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Children of the Sun review – Cult hit

Children of the Sun review 2
Image: René Rother/Devolver Digital

With your life ruined by a sinister cult, Children of the Sun tasks you with just one thing: get your revenge. A one-girl army, the odds seem stacked against you. But armed with a sniper rifle and the ability to guide its bullets, and you’re ready to take pretty much anything on.

The work of solo developer René Rother, the presentation of Children of the Sun is reminiscent of titles created by Suda51. It has a grungy, punky aesthetic, with somewhat abstract and dark visuals, a scratchy, noisy soundtrack, and a story that’s laid out in an abstract manner that makes you think. It’s surreal, but all the better for it. When you begin playing, however, you realise that there’s nothing else like it.

Split into some 20-odd levels, your one-woman army’s goal in each is simple: kill all the cult members ahead of you. The problem is, you can only fire one bullet. There are two stages to each level, then. First, by moving around the periphery of the level, you need to locate and tag as many enemies as you possibly can — sometimes not all of them are visible despite your best efforts. Second is finally pulling the trigger on your rifle, then guiding your bullet from one target to another until all have been killed. Needless to say, it’s not always an easy task.

Children of the Sun review 1
Image: René Rother/Devolver Digital

There’s a reason why Children of the Sun is described as a tactical puzzle-shooter, and that’s because working out how you’re going to hit all of your targets here is the most challenging thing above everything else. Early levels are a walk in the park, allowing you to mark all of your enemies pretty easily and then guide your bullet from one to another without any fuss. It’s when you reach levels where some enemies remain hidden no matter how much you move around in the preparation stage, and when other technicalities are brought into play that Children of the Sun really makes you start scratching your head.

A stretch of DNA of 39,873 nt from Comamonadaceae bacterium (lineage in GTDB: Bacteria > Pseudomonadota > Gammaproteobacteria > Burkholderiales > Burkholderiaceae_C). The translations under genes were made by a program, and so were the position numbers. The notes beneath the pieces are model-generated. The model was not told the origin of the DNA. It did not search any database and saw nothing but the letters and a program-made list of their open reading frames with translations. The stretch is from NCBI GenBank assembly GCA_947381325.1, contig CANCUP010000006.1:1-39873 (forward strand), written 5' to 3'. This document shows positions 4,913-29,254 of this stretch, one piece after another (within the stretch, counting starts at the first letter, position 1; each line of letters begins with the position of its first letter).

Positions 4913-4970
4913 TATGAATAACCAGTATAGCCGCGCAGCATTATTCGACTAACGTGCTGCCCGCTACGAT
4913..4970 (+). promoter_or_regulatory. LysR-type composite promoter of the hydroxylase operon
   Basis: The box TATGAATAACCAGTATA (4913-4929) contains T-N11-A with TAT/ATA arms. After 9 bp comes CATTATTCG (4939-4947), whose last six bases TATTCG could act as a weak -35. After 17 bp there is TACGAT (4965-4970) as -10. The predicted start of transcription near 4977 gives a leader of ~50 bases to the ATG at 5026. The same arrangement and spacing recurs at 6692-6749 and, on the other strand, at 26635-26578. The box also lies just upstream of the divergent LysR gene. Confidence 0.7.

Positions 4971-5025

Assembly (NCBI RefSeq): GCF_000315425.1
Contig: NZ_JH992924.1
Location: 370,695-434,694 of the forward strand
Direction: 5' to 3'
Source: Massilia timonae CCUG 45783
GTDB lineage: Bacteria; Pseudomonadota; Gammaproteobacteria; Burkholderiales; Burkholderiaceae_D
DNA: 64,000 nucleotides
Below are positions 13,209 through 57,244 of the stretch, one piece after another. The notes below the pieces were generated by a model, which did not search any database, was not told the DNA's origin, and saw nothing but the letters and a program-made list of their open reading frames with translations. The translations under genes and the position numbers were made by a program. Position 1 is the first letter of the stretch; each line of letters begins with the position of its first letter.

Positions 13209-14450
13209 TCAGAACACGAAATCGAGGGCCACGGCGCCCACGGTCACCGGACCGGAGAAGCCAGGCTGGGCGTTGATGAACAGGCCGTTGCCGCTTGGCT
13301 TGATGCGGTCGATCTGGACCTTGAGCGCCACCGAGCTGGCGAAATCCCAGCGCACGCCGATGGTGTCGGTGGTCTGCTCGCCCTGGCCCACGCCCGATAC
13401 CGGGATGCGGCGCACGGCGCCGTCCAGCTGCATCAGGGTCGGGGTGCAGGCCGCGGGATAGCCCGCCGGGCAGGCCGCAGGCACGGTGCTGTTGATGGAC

It’s in those levels that you sometimes have to wing it, trying to spot hidden enemies as your bullet hits the enemies you have marked. You also gain some helpful abilities on your journey that give you an advantage over your adversaries. You quickly gain the ability to somewhat alter the direction of your bullets in mid-air, for example, allowing you to curve your bullets around doors or other obstacles. Kill two enemies by hitting their weak points and you can freely re-aim your bullet in mid-air, too.

Sometimes even these nifty abilities aren’t enough, however. Sometimes you need to be creative. Hitting the gas tank of a vehicle can not only kill any enemies caught in the blast, but also allows you to re-aim your bullet even if no enemies are killed. The same goes for hitting other explosives such as gas canisters. Such targets are handy when eventually taking on armoured adversaries that require you to speed up your bullet as it travels in order to kill them – if you don’t have distance, it’s nearly impossible.

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Image: René Rother/Devolver Digital

It’ll take around five hours to complete all levels in Children of the Sun, but thanks to a scoring system that rewards quick and skilful play and online leaderboards, some will get many more hours of enjoyment out of it. It does get a tad repetitive as you go on – the gameplay doesn’t evolve that much, after all – but there’s just enough variety in the levels to keep you invested. Your interest will mostly wane in those levels where you need to track down one or more enemies after firing your bullet – it can result in trial and error which is hardly ever rewarding.

These issues are minor, though, and with its intriguing presentation and unique gameplay, Children of the Sun should be seen as nothing other than a triumph for René Rother. This is a game that will make you think, and as you guide your bullet from one target to the next across its many levels, you’ll no doubt be impressed by its atmosphere, its premise and its execution. Taking down a cult with a rifle has never been so cerebral.

This review of Children of the Sun was facilitated by a code provided by the game’s publisher. It’s available on PC.

Children of the Sun review - GameSpew's Score

Children of the Sun
8 10 0 1
The puzzle-shooter gameplay and bizarre presentation of Children of the Sun make it utterly unique. And while your success in some levels unfortunately relies on trial and error, it doesn't stop it from being a highly rewarding experience on the whole.
The puzzle-shooter gameplay and bizarre presentation of Children of the Sun make it utterly unique. And while your success in some levels unfortunately relies on trial and error, it doesn't stop it from being a highly rewarding experience on the whole.
Total Score

We liked...

  • Grungy, punky presentation
  • Unique puzzle-shooter gameplay
  • Scoring system and online leaderboards provide longevity

We didn't like...

  • Some levels rely on trial and error
Editor in Chief // An avid gamer since discovering the wonders of the Acorn Electron in the '80s, Rich has nearly played more games than he's had hot dinners. Not one to put all his eggs in one basket, Rich is happy to play games of all genres, but he particularly enjoys racing games and anything that's full of non-stop action, especially if it includes a good dose of humour, horror or crudeness!